Section 2255 provides, in pertinent part: "A prisoner in custody under sentence of a court established by Act of Congress claiming the right to be released upon the ground that the sentence was imposed in violation of the Constitution or laws of the United States ... may move the court which imposed the sentence to vacate, set aside or correct the sentence." Under section 2255, "a district court must grant a hearing to determine the validity of a petition brought under that section, '[u]nless the motions and the files and records of the case conclusively show that the prisoner is entitled to no relief.' " United States v. Blaylock, 20 F.3d 1458, 1465 (9th Cir.1994) (quoting 28 U.S.C. § 2255). The court may deny a hearing if the movant's allegations, viewed against the record, fail to state a claim for relief or "are so palpably incredible or patently frivolous as to warrant summary dismissal." United States v. McMullen, 98 F.3d 1155, 1159 (9th Cir.1996) (internal quotations omitted), cert. denied, 520 U.S. 1269, 117 (1997). To earn the right to a hearing, therefore, the movant must make specific factual allegations which, if true, would entitle him to relief. Id. Mere conclusory statements in a section 2255 motion are insufficient to require a hearing. United States v. Hearst, 638 F.2d 1190, 1194 (9th Cir.1980), cert. denied, 451 U.S. 938 (1981).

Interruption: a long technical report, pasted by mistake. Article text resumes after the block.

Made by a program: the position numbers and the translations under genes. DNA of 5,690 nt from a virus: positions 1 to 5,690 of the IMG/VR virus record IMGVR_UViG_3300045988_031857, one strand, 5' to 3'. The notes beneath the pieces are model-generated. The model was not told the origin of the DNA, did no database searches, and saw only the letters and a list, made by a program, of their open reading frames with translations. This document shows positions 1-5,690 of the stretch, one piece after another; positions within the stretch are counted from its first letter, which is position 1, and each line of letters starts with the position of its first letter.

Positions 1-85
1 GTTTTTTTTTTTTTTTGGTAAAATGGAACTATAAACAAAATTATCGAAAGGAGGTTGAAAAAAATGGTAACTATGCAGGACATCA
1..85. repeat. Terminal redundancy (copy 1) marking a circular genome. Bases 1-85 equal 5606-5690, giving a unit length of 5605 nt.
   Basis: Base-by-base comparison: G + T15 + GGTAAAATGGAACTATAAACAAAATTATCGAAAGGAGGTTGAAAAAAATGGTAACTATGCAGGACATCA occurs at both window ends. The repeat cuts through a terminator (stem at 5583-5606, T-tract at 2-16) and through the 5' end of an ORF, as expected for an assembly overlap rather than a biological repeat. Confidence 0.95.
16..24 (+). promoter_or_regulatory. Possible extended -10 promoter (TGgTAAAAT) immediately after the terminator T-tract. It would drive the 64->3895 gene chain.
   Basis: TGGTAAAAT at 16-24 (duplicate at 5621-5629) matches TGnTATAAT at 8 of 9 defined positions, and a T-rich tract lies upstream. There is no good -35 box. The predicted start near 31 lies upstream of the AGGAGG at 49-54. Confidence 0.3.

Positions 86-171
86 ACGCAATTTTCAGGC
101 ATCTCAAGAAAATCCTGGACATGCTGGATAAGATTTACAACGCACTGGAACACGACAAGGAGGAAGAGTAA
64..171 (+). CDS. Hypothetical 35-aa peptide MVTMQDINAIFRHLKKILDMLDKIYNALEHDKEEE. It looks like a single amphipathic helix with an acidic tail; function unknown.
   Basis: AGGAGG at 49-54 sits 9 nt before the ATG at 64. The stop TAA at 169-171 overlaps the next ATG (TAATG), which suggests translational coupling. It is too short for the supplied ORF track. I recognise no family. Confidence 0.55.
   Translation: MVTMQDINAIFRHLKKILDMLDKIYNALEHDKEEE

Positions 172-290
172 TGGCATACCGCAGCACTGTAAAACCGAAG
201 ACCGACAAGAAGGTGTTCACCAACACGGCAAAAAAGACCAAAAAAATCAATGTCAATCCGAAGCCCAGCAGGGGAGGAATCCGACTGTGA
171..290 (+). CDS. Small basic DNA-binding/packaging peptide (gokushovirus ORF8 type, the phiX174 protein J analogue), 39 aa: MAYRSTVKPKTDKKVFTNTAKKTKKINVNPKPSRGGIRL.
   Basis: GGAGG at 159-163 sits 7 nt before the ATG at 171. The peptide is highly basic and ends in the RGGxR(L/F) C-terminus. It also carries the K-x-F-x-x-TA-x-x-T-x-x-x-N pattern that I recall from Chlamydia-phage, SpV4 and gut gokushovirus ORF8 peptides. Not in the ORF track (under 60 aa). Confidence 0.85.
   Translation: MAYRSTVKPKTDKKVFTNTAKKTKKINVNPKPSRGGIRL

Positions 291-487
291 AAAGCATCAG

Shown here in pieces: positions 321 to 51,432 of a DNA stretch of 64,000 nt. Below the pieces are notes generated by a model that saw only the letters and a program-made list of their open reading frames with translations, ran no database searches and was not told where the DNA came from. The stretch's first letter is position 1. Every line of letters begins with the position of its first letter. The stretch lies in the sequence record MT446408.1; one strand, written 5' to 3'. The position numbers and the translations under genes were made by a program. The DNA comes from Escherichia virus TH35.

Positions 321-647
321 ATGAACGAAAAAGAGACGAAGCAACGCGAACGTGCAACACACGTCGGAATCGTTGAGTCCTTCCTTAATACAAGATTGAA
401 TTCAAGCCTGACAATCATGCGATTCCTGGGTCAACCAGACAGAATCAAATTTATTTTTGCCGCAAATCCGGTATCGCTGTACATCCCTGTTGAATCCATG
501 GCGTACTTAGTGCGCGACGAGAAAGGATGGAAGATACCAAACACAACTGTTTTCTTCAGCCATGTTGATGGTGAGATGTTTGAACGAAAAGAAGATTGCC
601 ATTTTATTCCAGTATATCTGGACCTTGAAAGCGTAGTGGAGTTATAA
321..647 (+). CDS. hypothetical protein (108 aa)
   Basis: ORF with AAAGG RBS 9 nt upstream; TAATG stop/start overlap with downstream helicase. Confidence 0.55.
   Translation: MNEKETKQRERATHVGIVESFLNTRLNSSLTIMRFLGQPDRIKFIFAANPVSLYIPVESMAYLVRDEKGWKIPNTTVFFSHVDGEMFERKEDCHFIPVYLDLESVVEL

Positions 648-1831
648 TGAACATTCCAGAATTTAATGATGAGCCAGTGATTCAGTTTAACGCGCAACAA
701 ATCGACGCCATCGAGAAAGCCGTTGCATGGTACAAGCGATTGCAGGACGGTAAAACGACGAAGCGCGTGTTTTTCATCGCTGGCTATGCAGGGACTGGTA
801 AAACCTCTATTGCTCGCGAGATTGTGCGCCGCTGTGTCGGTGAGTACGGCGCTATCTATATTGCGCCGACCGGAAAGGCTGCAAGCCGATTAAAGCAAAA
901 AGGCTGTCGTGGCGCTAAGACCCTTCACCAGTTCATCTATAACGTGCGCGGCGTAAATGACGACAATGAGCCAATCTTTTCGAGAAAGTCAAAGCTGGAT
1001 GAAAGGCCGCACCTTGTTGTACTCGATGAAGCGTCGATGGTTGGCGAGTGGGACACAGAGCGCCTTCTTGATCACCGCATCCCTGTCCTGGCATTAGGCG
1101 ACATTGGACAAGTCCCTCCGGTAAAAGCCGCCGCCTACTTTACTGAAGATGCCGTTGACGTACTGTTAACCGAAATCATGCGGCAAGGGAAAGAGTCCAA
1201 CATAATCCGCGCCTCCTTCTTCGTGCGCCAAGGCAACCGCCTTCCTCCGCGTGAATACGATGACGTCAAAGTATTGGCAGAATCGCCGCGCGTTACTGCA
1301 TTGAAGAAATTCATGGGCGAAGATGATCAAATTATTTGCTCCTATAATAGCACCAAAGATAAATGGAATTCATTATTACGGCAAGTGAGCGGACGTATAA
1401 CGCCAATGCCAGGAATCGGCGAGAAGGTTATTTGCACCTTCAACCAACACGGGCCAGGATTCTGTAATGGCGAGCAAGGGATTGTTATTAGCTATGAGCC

In his plea agreement, Petitioner agreed not to seek any further downward departure other than the downward departure that was granted in the agreement itself, and agreed to not appeal or collaterally attack his sentence or conviction by means of a motion pursuant to section 2255. "The right to attack a judgment collaterally is statutory. [Citation.] A knowing and voluntary waiver of a statutory right is enforceable. [Citation.] For this reason a prisoner may not collaterally attack a judgment if the prisoner waived the right to do so." United States v. Racich, 35 F.Supp.2d 1206, 1210 (S.D. Cal. 1999). Generally, a district court is required to enforce the waiver of a right to bring a collateral attack except where the collateral attack is against the validity of the waiver itself. United States v. Abarca, 985 F.2d 1012, 1014 (9 Cir. 1993).